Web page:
Today, of the 14 million or so visitors a year 55% are Sydneysiders and 22% are foreigners. At the time of writing, the exhibition space at the Convention Center was being increased by 10,000 square metres (107,000 square feet) with the building of two new warehouse-type structures to make a total of 40,000 square metres (428,000 square feet) of convention and exhibition space. Financial assistance from the government was reduced from $A17.6 million in the 1996-7 fiscal year to nil in 1999-2000. Still, questions are asked as to whether a stronger overall architectural image could have been obtained with some additional forethought. Similar questions are asked about the links between Darling Harbour and its surroundings. In many ways it turns its back on them. The site was dealt with as an island by a single authority.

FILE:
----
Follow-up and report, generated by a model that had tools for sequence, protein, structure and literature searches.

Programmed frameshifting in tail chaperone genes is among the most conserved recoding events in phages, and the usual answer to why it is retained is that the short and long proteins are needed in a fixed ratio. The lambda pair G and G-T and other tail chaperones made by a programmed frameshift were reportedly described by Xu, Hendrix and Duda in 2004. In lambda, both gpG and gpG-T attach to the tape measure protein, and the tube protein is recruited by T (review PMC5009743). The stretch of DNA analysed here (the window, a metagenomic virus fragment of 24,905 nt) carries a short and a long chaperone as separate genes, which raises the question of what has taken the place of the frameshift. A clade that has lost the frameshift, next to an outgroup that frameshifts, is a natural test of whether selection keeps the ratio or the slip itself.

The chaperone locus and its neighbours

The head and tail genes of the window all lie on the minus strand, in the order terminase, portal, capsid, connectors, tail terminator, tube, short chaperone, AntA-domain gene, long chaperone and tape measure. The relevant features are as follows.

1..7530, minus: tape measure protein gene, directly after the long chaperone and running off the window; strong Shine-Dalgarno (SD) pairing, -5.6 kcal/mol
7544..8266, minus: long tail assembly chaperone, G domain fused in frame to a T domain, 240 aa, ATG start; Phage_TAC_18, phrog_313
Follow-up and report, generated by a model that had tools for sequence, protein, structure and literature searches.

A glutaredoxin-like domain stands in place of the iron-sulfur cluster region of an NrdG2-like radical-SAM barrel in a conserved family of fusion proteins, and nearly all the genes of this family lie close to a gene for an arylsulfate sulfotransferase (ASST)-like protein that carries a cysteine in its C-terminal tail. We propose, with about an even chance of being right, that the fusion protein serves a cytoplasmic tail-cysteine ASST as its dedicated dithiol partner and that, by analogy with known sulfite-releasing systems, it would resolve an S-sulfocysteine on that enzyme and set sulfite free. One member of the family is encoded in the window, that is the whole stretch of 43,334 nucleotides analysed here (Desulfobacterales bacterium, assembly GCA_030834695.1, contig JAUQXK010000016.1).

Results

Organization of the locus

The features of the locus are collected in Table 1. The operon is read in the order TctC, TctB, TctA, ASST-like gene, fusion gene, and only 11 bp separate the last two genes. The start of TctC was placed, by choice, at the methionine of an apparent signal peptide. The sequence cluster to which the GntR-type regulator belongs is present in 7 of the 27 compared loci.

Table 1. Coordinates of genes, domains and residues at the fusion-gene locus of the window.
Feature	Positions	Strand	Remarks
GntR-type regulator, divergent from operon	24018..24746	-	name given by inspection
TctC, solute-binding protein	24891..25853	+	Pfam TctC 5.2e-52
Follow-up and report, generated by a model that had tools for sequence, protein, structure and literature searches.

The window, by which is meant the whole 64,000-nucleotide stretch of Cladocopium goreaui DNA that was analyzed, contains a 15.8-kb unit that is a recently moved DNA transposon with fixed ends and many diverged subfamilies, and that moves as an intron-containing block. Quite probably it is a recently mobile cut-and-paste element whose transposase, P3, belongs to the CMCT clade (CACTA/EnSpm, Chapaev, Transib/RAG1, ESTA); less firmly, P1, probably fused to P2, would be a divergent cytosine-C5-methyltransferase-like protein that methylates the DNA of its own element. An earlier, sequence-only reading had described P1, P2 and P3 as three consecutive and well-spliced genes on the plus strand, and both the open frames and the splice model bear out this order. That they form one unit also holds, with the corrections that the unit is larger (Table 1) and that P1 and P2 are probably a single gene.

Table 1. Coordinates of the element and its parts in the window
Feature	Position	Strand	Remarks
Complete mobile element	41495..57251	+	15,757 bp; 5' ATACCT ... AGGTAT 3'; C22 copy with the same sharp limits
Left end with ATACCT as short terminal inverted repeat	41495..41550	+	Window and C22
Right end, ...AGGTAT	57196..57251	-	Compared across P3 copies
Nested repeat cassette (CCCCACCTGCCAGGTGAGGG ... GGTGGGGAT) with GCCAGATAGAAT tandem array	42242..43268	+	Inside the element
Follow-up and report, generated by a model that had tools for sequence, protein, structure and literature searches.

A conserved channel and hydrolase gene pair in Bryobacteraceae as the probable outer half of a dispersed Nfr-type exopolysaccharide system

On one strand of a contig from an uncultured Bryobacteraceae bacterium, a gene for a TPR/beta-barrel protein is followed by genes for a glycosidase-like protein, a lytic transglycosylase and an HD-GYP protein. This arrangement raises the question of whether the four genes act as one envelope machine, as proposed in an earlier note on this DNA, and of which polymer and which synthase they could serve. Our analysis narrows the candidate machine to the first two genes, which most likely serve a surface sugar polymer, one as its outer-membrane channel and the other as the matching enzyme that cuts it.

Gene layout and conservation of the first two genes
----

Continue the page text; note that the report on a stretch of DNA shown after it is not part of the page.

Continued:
Major references

Darling Harbour Authority (1985). Darling Harbour Draft Development Plan and Strategy, Planning Report. Sydney: The authors. Kozloff, Howard (2001). Sydney's Darling Harbour.

Urban Land 60 (11-12): 82-6. Project Sunrise Pty., Limited and Sunrise High Technologies and Design Pty., Ltd. (1983). Urban and Landscape Design Report. Sydney: The authors. Towndrow, Jennifer (1991). Darling Harbour. In Philip Cox: Portrait of an Australian Architect. Ringwood, Victoria: Viking, 254-64. Young, Barry (1988). Darling Harbour: a new city precinct. In Peter G. Webber, ed. The Design of Sydney: Three Decades of Change in the City Centre. Sydney: The Law Book Company, 190-213.